Actually, hatred is too mild an emotion to encapsulate how I feel about my usual run-of-the-mill off-site work-related travel. Fear and loathing comes closer; I only ever get sent places when things have gotten so out of control that they need a troubleshooter. Or trouble-violinist. My typical business trips are traumatic and horrible, and leave me with nightmares and a tendency to startle at loud noises for weeks afterwards, not to mention an aversion to newspapers and TV reports on horrible incidents in far-off places. Bob is used to this. He does a wonderful job of keeping the home fires burning, providing warm cocoa and iced Scotch on demand, and over the years he’s even learned to pretend to listen. (He’s not very good at it, mind, but the gesture counts. And, to be fair, he has his own demons to wrestle with.)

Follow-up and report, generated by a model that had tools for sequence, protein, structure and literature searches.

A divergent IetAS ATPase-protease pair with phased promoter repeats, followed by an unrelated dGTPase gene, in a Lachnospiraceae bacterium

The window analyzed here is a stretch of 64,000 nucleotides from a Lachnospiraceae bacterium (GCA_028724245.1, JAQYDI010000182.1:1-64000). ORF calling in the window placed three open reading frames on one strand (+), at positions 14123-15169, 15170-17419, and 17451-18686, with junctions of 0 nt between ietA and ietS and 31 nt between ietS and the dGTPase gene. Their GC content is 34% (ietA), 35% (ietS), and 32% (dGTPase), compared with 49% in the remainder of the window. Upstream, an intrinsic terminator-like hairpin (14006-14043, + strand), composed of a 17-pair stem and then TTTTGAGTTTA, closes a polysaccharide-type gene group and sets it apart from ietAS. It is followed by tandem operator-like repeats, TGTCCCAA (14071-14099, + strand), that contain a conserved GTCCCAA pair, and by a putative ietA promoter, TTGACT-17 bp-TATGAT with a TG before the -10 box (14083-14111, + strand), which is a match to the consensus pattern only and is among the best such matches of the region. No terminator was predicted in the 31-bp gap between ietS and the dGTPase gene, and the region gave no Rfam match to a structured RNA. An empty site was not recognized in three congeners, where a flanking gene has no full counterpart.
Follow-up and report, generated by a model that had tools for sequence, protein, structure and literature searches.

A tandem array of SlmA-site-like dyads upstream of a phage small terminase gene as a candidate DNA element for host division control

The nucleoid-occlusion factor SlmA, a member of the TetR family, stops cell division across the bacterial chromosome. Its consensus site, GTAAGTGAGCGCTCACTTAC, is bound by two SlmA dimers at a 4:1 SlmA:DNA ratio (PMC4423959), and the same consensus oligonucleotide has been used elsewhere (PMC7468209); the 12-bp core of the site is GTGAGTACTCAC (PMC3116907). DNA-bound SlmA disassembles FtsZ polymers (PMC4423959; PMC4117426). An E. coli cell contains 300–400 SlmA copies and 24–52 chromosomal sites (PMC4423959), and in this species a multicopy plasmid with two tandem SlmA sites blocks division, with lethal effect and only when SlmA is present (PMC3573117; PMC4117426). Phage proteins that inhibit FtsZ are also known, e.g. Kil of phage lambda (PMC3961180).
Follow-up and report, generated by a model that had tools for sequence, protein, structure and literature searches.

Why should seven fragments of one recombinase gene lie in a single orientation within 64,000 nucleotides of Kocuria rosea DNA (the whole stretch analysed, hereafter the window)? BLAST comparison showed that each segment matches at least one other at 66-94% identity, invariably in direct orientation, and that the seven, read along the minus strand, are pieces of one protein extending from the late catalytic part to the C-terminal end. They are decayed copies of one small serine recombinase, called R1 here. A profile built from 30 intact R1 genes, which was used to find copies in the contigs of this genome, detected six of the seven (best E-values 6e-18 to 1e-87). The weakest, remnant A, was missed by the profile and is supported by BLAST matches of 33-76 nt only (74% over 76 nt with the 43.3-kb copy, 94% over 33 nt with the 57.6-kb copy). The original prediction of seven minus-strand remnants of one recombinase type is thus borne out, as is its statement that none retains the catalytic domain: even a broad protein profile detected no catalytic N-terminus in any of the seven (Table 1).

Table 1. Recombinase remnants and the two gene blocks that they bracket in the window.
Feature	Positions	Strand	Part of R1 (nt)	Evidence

But anyway: not long ago, for the first time in at least two years, I got sent on a job that didn’t require me to confront oh God, please make them stop eating the babies’ faces but instead required me to attend committee meetings in nice offices, and even a couple of diplomatic receptions. So I went shopping for a little black dress and matching shoes and accessories. Then I splashed out on a new suit I could also use for work after I got back. And then I got to do the whole cocktail-hour-at-the-embassy thing for real.